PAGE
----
But yesterday the pounds 216m redevelopment in Covent Garden, central London, was unveiled for its topping-out ceremony. It proved a transformation of the House, not just in terms of architecture and public image. The renovation of the original 1858 building by the architect Jeremy Dixon includes new public areas, new rehearsal and performance studios and a public rooftop terrace with views over London.
Most impressive of all is the restoration of the main part of the 19th- century Floral Hall, the roof of which was destroyed by fire in the 1950s, and which was recently used as a scenery store. Yesterday it was clear how this will become a vast and striking main foyer, open to the public during the day, and with a large glass frontage on to the street.
What underlies all the architectural improvements on display was a belated realisation that access and anti-elitism must speak through the shape of the building as well as through ticket prices. And so there are studio theatres that will give lunchtime performances, free at least once a week, better sightlines and leg-room in the newly air- conditioned main auditorium and better access for people with disabilities. Everyone will enter through the same entrance for the first time and mingle in the same spaces.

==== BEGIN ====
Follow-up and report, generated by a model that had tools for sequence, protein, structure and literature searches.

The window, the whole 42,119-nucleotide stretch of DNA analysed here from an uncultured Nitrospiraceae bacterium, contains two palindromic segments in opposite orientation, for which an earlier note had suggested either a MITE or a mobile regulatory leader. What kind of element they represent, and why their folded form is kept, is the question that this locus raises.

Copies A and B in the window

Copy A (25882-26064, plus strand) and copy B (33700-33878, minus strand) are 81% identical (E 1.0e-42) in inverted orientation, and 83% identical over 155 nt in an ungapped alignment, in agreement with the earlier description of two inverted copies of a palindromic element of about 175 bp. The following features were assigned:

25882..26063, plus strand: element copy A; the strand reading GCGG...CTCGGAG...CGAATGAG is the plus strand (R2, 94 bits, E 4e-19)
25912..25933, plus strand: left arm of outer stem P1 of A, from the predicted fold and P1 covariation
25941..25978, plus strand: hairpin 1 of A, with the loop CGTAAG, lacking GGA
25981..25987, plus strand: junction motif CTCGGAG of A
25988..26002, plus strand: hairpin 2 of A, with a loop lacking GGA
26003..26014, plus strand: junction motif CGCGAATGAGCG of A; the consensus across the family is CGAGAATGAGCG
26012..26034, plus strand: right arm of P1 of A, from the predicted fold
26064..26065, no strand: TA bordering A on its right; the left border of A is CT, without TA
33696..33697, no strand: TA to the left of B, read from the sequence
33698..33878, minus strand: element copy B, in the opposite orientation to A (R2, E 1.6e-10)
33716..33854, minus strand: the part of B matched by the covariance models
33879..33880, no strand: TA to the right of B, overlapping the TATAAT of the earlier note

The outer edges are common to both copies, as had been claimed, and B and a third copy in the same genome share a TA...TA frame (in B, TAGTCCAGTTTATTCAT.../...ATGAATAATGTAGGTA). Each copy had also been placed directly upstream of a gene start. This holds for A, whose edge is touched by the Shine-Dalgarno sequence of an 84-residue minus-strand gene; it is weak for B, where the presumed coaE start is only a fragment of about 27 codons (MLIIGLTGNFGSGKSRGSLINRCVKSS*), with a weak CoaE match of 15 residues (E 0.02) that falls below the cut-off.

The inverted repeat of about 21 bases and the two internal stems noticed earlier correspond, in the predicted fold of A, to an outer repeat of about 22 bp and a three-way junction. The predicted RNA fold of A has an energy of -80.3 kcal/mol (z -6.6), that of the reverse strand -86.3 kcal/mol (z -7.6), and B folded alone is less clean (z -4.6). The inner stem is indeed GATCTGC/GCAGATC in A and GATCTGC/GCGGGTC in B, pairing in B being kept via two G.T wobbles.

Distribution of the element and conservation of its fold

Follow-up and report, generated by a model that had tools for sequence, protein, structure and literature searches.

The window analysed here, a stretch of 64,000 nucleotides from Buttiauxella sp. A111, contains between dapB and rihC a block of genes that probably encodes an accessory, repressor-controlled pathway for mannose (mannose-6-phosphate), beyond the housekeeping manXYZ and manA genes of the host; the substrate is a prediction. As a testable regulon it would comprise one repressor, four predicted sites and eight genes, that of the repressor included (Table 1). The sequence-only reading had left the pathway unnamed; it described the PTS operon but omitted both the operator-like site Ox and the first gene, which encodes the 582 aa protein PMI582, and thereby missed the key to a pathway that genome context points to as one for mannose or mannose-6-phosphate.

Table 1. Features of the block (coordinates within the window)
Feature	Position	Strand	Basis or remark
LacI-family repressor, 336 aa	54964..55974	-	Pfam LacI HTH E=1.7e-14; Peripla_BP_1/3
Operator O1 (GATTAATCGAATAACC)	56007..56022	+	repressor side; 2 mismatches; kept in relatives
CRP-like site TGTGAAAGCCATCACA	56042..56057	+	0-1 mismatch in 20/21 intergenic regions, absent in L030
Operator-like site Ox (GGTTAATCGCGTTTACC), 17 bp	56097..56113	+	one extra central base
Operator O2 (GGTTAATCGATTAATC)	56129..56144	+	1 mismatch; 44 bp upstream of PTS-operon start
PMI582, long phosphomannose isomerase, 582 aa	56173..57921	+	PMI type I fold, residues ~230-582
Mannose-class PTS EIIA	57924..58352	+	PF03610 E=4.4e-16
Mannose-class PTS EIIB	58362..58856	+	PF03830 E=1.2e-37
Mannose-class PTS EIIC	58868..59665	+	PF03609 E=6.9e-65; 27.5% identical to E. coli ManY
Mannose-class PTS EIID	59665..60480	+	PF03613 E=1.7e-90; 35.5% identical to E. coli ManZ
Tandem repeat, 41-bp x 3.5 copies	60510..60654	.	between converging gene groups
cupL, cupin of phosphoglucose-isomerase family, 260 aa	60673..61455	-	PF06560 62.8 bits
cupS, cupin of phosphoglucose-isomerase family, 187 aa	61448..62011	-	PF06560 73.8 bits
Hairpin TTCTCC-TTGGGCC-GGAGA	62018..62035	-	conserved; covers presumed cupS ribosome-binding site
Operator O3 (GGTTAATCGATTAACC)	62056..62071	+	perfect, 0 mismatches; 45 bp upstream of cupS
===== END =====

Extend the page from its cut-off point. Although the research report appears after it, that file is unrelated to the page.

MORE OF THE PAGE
And there will be a pedestrian link from Bow Street to the Covent Garden piazza, which will encourage visitors into the building, almost by stealth.
The building itself, in stone and glass, anchored in a granite plinth, demonstrates the skilful way in which a Victorian cast-iron glasshouse - the Floral Hall - has been restored and sandwiched delicately between the familiar stone portico and a new, narrow glass tower that houses the elevator.
At yesterday's ceremony Chris Smith, the Secretary of State for Culture, Media and Sport, said: "This is a wonderful day. It marks an end of the doom and gloom. More people will be able to come and enjoy excellent work than has ever been the case before."
Increased public access at the Covent Garden theatre has been one of the conditions for continued Arts Council support. Sir Richard Eyre's hard-hitting report condemned it for arrogance and elitism.
Criticism from Sir Richard, MPs, the Arts Council and the Government was heightened because of the pounds 78m National Lottery grant towards the redevelopment scheme and because of the pounds 12m a year the resident Royal Ballet and Royal Opera companies receive in subsidy.
Yesterday Sir Colin Southgate, who took over as chairman when the old board resigned a year ago, said: "In a sense, it belongs to everybody in this country who has bought a lottery ticket."Reuse content